Salsa moves, steps and routines for the beginner are very easy to pick up. And once you've learnt the basics, you can combine simple steps in many different ways.
Also, the most simple, basic steps can look just as impressive as more advanced moves, if you dance them with real feeling and great attention to the music and to your partner.
So focus on the basics. Get them right and the sky's the limit.
Firstly, a lot of attention should be paid to the counting (or timing) as, once you've mastered this, the steps are very easy.
Probably the most important thing you'll learn (and possibly the very first thing you'll be taught) is the counting pattern of Salsa dance.
Salsa steps are danced to Latin music that usually has a 4/4 beat. It's one of the most simple beats to hear and understand.
It's just two sets of four equal beats.
So, if you were to count it out loud, the beat would go 1-2-3-4-5-6-7-8 and then start again from 1, with each count being the same length.
With Salsa moves, the only thing you really need to know is that you dance on three of the beats, pause on one of them and then repeat.
Different teachers use different counting patterns, but by far the most common pattern is this:-
See how the forth and eighth beat are not counted?
So you dance on the first three beats, pause on the forth, and then dance on the next three beats and pause on the last beat to use the full eight beats of the music.
Here it is in action being demonstrated to a class of absolute beginners who, like you, are trying a Salsa class for the very first time.
As you can see, it's pretty easy to pick up.
And once you have mastered
this very simple counting pattern, you've taken a huge leap to being
able to Salsa dance with confidence and feeling.
If you can take one step forward, do the same backwards and then side to side, those are all the Salsa moves you need to know to be able to Salsa dance. It really is that simple.
Here's a tip that will really help you progress from just walking to dancing:- keep your steps very small.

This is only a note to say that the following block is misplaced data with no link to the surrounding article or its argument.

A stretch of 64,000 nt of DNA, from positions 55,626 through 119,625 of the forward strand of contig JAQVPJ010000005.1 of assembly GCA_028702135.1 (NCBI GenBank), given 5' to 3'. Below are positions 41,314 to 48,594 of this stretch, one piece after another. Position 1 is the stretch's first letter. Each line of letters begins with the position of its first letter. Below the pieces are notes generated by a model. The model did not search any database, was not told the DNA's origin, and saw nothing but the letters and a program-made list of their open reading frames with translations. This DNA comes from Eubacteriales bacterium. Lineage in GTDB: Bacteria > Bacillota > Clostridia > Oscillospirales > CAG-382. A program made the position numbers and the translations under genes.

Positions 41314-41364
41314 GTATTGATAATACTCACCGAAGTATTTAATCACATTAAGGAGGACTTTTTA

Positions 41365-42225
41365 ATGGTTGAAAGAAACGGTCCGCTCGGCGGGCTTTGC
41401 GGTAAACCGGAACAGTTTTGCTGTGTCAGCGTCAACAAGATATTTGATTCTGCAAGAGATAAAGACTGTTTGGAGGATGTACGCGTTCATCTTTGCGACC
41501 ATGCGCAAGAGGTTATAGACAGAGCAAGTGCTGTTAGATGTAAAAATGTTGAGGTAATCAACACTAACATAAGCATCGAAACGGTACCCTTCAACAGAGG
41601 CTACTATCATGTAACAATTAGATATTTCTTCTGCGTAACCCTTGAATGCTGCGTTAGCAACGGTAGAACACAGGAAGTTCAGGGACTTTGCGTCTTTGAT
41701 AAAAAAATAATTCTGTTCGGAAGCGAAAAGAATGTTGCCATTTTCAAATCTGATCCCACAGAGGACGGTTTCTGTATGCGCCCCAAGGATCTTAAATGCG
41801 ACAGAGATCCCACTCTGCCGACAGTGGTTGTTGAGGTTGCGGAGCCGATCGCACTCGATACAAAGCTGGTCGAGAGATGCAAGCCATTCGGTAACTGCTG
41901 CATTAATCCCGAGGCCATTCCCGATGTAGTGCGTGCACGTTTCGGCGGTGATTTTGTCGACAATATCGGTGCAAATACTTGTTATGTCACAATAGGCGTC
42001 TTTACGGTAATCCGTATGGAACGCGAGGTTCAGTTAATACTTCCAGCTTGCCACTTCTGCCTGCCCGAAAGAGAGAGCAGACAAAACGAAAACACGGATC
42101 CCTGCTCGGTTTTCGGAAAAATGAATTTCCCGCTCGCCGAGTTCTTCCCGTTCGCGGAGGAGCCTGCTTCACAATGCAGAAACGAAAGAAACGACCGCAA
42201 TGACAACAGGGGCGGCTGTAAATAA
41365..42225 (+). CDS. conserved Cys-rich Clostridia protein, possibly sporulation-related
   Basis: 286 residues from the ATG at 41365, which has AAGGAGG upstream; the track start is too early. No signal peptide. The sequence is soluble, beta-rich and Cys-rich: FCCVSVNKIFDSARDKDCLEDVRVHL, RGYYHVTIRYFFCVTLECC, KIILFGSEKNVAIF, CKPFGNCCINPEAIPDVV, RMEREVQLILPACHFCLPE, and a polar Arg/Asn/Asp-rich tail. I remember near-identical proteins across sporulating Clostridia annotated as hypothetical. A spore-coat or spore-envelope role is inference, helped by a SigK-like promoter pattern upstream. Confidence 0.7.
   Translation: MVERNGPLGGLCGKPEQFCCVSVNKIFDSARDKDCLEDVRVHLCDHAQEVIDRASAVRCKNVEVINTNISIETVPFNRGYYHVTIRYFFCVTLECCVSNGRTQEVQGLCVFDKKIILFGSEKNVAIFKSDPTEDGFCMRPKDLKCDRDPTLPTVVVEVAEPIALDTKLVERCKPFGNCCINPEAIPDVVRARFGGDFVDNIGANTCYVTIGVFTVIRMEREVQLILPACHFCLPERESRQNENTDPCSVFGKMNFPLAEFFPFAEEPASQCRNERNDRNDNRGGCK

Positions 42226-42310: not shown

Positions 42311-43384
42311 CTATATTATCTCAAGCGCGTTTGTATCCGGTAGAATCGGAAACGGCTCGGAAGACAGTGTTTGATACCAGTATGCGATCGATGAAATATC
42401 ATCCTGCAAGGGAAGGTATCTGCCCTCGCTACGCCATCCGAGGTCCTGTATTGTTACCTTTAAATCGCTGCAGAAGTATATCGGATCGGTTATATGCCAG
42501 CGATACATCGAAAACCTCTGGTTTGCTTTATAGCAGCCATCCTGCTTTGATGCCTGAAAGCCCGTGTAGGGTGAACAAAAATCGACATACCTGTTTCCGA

Salsa routines can be practised and danced anywhere. It takes very little space and in fact, if you keep your movements small you can more easily adapt to dancing in a club, where you usually have very little space to move around.
Why not try it out now?
Stand on your bath mat. No, that's not a typo, we really do mean stand in the middle of your bath mat.
See how tiny the space around your feet is? Keep your steps within the mat when you are practising at home.
Since it needs such little space, you'll have no trouble finding places to sneak in a little practise - you can even dance a few Salsa moves in the shower.
Try another move...
Above, you've just had a go at the basic Salsa forward step.
We've provided below a short instruction clip on another of the most basic steps; the Salsa backwards step.
It is incredibly easy and hopefully, once you've had a go, you'll realize just how easy-to-follow Salsa is (if it is taught well).
Time to have a go...
Did you pick it up OK? Easy, isn't it?
Believe it or not, once you’ve learnt even these few basic steps and can do them slightly faster in time to music, you'll be dancing Salsa.
Ready for your final lesson? Try the basic Salsa sideways step...
As always, keep your Salsa moves and steps small.
And practise them as many times as you need to, and to different beats if you can, too.
Once you've mastered these three easy steps, you have enough knowledge to really start dancing. Pretty easy, isn't it?
Finally, it's time to have a quick insight into dancing with a partner...